My first foray into formally writing about fantasy football matchups ended up being a mixed bag. Players like Joe Flacco, Tim Hightower, Jahvid Best, Jared Cook, Carolina's Steve Smith and the Kansas City running backs held up their ends of the bargain, whereas others like Cedric Benson, Chad Henne and Johnny Knox didn't -- to put it mildly. Just as NFL teams scout their weaknesses each week, it's useful to consider what went wrong with some of the picks.
The most obvious culprit is the statistical uncertainty that surrounds offensive and defensive performance this early in the season. Such uncertainty is exactly why I told you to basically ignore matchups in Week 1. As the season goes on, we gather more and more data, sample sizes increase, estimates of team strength become more reliable and fantasy matchup analysis gets more reliable.
Take Henne's flop against the Texans. There were all kinds of contradictory statistical indicators involved in that matchup. According to Football Outsiders' DVOA projections going into the season, which tend to be pretty accurate, Houston wasn't supposed to have a good pass defense, regardless of whatever magic show Wade Phillips and Johnathan Joseph brought to town. In Week 1, they dominated a Colts offense led by Kerry Collins, which was about as difficult as evading a sheriff's office led by Roscoe P. Coltrane. On the other end of the equation was Henne, who we projected as being better than most people expect, and who had just come off of a 400-yard passing game.
Now, throw into the mix that our matchup analysis gives a bonus for players at home, and that the Texans-Dolphins game was in Miami. And before you say, "The Dolphins were 1-11 in their past 12 home games," remember that (A) that's Duke-capture rare for an otherwise average team; (B) Henne had just thrown for 400 yards at home; and (C) even if the Dolphins are truly a bad team at home, that could mean they're more likely to pass while losing.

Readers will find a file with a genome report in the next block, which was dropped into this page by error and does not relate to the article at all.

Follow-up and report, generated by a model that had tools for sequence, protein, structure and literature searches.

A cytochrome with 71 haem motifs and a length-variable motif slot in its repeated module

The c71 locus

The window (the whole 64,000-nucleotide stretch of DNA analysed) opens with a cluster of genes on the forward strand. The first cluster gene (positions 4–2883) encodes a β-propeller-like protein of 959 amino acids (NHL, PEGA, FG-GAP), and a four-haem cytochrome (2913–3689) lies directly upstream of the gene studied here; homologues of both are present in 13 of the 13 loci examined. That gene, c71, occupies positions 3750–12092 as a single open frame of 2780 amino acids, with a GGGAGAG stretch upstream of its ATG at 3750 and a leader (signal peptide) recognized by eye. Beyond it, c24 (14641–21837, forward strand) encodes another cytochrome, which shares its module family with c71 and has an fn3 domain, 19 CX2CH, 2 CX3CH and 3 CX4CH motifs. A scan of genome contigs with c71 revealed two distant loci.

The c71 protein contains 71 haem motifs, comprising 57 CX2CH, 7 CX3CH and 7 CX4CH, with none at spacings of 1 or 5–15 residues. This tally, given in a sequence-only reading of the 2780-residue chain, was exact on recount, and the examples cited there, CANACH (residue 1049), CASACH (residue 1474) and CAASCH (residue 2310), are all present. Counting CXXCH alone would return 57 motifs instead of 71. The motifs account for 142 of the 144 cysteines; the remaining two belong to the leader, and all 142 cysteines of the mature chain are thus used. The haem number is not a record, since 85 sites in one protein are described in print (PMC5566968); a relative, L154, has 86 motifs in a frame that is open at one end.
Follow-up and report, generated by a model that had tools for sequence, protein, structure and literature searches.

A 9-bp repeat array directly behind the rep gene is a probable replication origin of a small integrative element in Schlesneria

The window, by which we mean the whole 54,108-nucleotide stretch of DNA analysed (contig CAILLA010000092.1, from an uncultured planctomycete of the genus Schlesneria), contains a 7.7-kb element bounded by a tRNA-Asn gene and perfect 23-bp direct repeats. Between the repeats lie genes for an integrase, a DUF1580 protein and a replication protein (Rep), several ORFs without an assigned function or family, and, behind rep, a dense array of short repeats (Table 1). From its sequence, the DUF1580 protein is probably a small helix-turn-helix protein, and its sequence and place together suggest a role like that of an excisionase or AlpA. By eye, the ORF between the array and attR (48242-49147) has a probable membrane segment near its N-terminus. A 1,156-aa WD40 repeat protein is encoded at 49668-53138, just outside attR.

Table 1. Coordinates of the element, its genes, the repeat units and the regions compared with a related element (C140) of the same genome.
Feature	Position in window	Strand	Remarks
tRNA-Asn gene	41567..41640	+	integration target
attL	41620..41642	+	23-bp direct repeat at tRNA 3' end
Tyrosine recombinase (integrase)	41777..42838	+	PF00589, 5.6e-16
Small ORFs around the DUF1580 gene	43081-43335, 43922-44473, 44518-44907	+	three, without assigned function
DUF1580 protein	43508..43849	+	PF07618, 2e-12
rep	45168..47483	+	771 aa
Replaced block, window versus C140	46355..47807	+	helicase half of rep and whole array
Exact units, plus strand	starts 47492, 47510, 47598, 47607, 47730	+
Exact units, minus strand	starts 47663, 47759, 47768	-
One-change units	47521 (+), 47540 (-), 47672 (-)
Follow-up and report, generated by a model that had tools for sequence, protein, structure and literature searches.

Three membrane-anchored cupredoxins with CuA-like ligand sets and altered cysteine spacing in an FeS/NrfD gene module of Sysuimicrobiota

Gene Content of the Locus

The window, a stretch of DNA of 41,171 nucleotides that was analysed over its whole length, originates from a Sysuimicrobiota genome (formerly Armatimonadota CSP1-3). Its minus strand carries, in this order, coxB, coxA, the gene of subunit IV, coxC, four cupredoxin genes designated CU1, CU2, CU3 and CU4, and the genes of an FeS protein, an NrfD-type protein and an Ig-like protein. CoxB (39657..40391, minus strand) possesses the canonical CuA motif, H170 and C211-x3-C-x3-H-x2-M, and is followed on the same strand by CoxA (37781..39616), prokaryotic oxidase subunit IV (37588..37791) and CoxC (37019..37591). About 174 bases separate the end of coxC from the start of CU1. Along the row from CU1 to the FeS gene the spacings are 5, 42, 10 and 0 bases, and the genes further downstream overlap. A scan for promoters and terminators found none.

So, putting it all together, what you had in Henne's case was a profile that suggested a good matchup, but was nevertheless awash in statistical uncertainty. In this particular instance, the statistical analysis ended up being wrong. However, if that game took place in Week 12, we'd be much more confident about the true nature of Houston, Henne and his home-field advantage in 2011; and therefore wouldn't recommend him.
Therefore, just to reiterate, although I hit on several good matchups -- including the Smith one, for which I caught some grief in last week's comments section -- these analyses get more and more accurate as the season progresses. At this point, my advice is to use them for decisions at the margins of your lineup. If you're between two players, and one shows up here as having a particularly bad matchup or a particularly good matchup according to the statistics, then pull the trigger. Otherwise, keep going with your main guys until further notice.
With all of that said, you guys expressed some confusion about how to interpret the ± point totals. First, I'm working off of a scoring system that gives 1 point per 20 passing yards, 1 point per 10 rushing or receiving yards, 4 points for a passing touchdown, 6 points for a rushing or receiving touchdown, minus-2 points for an interception and minus-2 points for a lost fumble. Second, the actual ± value represents the number of points a player is likely to gain or lose because of his matchup when compared to an average player at his position facing an average matchup. For instance, Wes Welker's plus-5 this week means his matchup against Buffalo suggests he'll score five more points than an average wide receiver facing an average matchup (think Brian Hartline at Cleveland).
Now that we have all that out of the way, on to the best and worst fantasy matchups of Week 3.